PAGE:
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The Glass Castle Is Admirable For Its Thematic Aspirations And Is Less So In Its Execution Of Said Aspirations

At the dawn of this decade, the general populace mostly knew Brie Larson as Envy Adams in Scott Pilgrim vs. The World and as a recurring heavy presence on the Showtime drama United States Of Tara. In the years since though, she’s starred in a number of acclaimed motion pictures hailing from all sorts of genres, won an Oscar and been cast as a Marvel superhero. Perhaps the movie that really helped her start her ascension to movie star was the 2013 drama Short Term 12, an outstanding feature full of lovable characters and an emphatic spirit that made human beings out of its troubled characters. She reunites with that films director, Destin Daniel Cretton, for the new drama The Glass Castle, which, sadly, is a major step down from the quality of Short Term 12.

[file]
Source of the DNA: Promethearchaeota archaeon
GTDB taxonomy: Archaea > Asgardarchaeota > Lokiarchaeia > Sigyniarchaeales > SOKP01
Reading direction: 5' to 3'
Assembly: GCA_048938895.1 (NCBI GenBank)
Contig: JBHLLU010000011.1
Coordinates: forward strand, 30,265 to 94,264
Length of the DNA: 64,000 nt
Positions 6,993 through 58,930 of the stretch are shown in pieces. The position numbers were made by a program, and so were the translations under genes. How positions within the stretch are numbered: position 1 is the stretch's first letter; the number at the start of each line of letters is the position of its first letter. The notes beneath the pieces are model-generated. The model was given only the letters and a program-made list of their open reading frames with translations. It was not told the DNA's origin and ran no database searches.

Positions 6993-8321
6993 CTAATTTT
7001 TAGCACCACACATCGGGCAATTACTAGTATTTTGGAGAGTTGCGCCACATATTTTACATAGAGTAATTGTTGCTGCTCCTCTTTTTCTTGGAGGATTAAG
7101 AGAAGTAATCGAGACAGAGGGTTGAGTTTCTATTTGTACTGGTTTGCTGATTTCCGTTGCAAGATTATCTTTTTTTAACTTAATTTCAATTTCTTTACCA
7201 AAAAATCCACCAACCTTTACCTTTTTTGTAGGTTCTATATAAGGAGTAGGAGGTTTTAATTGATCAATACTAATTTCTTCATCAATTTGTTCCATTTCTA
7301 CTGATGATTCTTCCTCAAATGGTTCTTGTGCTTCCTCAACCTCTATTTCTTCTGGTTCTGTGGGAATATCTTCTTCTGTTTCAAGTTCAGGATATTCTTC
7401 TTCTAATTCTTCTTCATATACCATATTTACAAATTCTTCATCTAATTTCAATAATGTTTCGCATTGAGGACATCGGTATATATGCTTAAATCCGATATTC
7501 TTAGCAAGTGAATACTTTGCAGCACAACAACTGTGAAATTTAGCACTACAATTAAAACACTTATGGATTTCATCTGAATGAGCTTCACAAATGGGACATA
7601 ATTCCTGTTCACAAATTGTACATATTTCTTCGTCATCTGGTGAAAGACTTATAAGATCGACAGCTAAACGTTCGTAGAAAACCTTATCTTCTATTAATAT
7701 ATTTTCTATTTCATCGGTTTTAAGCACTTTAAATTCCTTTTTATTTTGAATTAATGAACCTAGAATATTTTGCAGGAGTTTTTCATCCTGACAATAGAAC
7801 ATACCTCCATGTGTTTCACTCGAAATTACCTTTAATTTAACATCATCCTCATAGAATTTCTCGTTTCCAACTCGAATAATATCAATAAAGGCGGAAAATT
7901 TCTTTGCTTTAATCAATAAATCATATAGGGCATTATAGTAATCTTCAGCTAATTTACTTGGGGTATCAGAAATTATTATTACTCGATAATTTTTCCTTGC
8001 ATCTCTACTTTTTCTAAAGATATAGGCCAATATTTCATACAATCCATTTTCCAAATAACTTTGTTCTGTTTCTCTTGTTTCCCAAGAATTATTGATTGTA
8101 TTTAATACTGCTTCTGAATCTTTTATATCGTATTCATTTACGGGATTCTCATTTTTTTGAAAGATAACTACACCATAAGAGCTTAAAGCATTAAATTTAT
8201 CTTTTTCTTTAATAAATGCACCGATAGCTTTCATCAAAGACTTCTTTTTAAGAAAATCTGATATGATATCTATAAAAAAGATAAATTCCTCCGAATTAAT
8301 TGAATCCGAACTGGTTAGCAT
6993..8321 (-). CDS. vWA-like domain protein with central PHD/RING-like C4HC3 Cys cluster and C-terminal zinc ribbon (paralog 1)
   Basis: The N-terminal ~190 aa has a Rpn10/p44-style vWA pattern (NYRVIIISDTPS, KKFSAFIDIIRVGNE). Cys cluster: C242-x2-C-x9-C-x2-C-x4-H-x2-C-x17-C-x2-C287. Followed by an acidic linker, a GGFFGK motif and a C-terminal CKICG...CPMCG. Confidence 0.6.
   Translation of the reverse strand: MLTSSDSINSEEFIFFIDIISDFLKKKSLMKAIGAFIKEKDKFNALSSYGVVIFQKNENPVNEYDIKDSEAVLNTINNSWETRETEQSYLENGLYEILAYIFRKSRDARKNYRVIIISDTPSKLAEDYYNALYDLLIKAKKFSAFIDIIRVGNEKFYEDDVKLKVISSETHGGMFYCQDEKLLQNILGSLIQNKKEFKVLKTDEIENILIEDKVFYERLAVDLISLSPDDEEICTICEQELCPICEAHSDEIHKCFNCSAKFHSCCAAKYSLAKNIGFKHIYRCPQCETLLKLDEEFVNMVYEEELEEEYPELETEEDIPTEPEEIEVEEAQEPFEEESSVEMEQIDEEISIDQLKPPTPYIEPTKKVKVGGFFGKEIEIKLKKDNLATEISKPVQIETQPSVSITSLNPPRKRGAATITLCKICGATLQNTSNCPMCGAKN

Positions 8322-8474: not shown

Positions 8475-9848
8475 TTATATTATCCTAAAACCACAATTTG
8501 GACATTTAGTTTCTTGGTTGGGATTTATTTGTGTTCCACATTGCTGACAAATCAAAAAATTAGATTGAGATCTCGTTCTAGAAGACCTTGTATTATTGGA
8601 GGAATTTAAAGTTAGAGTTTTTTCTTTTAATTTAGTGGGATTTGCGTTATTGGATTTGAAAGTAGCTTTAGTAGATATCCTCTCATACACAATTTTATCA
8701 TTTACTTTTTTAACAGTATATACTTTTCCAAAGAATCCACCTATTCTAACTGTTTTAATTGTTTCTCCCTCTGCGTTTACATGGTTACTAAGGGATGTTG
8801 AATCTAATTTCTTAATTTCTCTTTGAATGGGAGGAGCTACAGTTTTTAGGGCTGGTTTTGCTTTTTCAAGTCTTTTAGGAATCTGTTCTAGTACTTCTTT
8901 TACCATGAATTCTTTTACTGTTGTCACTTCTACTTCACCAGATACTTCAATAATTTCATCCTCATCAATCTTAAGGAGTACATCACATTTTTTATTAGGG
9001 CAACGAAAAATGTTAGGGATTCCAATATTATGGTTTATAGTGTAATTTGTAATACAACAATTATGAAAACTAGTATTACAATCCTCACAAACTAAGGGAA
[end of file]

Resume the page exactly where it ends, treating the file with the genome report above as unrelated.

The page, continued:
Based on a memoir that chronicled the troubled childhood of its author, Jeannette Wallis, The Glass Castle is all about following Wallis as a child growing up with her three siblings, mom Rose Mary Wallis (Naomi Watts) and her dad Rex Walls (Woody Harrelson). Her relationship with her dad is the entire thrust of the feature, as as a youngster Jeannette thinks the world of her dad who’s the kind of guy who can captivate his daughter’s imagination with promises of them one day building an elaborate glass castle to live in. Those kind of fantastical tales are a great way to distract Jeannette and her siblings from the fractured life they life as they constantly move from one run-down house to another.

As Jeannette grows up, she begins to see more and more of her fathers flaws, most notably that he’s an alcoholic who’s never able to kick the bottle. His addiction makes his behavior erratic and keeps the families finances tight in the rare times they even have money at all. Wrapping around these extensive flashbacks are various sequences set in 1989 where an older Jeannette Wallis (here played by Brie Larson, two different child actors play Wallis in the majority of the flashbacks) is residing in New York City as she prepares for marriage and also grapples with the fact that her parents are squatting in an abandoned home not too far away on the lower East Side with her father heavily disapproving of her daughter being so tied to a luxurious lifestyle.